Learn more about Marc Pruett by visiting his profile page.

2014 North Carolina Heritage Award Recipients

North Carolina Arts Council

Tuesday, May 20, 2014

Bobby Hicks, Susan Morgan Leveille, Sid Luck, Bill Myers, and Arnold Richardson

Since 1989, the North Carolina Heritage Award has honored our state’s most eminent traditional artists and practitioners. Recipients of the Heritage Awards range from internationally acclaimed musicians to folks who quietly practice their art in family and community settings. Awardees receive a cash award and are honored in a ceremony that draws large and enthusiastic audiences. Several North Carolinians have gone on to receive the National Heritage Fellowship Awards presented by the National Endowment for the Arts.

These awards deepen our awareness of North Carolina’s diverse cultural traditions, and their importance to our state’s past, present and future.

Heritage Award recipients are nominated by citizens of the state and selected through panel process.

Explore podcast and video tributes to these artists for their individual artistic accomplishments and for representing the cultural treasures found in our communities small and large, rural and urban.


 

Bobby Hicks

Bobby Hicks and his fiddle are back home in North Carolina after twenty-two years of playing gigs on the road. Born in Newton, Bobby grew up in Greensboro during the 1930s when the North Carolina Piedmont was awash with country music. He learned to play mandolin, guitar, and fiddle--and was winning contests--by the time he was eleven years old. By the age of fifteen Bobby was on the road with Jimmy Eanes out of Danville, Virginia, and at twenty-one he filled in on bass for Bill Monroe and the Blue Grass Boys on their Carolina tour. During the 1960s, Bobby performed with Porter Wagoner, and later with Judi Lynn’s Las Vegas television show. An innovator, he began exploring harmonies on his fiddle to capture the sounds he was hearing from Western swing fiddler Johnny Gimble. When Ricky Scaggs came calling in 1981, Bobby answered the call. His twenty-two years with that band made bluegrass history.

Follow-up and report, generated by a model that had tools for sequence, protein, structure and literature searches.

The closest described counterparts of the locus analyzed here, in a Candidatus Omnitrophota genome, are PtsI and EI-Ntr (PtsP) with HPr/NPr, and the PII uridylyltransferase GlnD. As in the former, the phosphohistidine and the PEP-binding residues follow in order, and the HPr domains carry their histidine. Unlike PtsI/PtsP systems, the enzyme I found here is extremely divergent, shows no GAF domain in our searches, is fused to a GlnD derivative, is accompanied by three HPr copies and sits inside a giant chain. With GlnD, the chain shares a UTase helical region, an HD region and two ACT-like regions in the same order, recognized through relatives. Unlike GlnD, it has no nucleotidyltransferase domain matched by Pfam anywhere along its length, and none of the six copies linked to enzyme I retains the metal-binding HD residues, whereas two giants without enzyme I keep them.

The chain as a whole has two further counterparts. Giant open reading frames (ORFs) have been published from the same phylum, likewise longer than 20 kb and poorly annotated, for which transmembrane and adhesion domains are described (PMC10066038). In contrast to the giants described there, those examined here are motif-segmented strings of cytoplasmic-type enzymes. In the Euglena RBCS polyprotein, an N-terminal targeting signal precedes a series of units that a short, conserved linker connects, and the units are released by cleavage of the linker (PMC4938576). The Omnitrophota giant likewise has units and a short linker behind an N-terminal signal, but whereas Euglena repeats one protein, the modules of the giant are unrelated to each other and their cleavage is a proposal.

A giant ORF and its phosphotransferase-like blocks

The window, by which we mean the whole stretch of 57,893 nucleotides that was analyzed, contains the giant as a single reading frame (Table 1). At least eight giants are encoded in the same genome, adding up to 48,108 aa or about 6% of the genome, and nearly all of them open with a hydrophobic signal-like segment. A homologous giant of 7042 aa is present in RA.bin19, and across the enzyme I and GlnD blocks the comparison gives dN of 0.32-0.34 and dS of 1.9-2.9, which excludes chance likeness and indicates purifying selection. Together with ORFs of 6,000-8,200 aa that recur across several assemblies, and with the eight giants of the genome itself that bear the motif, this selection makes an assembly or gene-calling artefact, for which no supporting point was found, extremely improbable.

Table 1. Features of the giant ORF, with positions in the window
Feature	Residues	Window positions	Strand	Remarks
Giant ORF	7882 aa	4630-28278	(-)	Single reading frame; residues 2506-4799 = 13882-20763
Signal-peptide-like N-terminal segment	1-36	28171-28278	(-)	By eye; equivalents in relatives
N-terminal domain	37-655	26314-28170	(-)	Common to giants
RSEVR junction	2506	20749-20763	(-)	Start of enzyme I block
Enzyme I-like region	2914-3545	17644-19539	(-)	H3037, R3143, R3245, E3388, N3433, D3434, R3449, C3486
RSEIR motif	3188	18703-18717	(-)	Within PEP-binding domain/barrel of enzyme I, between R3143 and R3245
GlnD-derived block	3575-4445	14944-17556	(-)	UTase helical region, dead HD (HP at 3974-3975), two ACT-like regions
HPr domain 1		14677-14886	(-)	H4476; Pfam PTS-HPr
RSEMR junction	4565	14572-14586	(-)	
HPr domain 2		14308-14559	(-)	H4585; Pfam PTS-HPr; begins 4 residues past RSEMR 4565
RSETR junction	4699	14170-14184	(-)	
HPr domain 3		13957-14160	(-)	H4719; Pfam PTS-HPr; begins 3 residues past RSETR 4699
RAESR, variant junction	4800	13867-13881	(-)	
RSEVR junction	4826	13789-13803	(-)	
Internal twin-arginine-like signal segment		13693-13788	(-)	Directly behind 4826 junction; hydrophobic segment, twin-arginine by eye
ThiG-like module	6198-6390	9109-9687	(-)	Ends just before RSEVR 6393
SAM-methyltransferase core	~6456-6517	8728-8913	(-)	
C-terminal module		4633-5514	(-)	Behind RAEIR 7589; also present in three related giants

Learn more about Bobby Hicks by visiting his profile page.

  

Susan Morgan Leveille

By the time she was seven years old, Susan “was determined she was going to weave,” according to her aunt, Frances Cargill, a weaver herself. After graduating from the University of Tennessee, where she majored in Crafts, Susan taught weaving in local community colleges. In her marriage to Bob Leveille, she found a business partner and together they opened a weaving shop and teaching studio in 1977. Promoting the traditional arts of her beloved mountains is as much a part of Susan’s inheritance as her emphasis on superior craftsmanship and her passion for weaving. She has shared her skills and historical knowledge with many students at regional universities, community colleges, and craft schools. A third generation member of the Southern Highland Craft Guild and a former Board President, she has also helped develop Handmade in America, Stecoah Valley Weavers and the Appalachian Women’s Museum.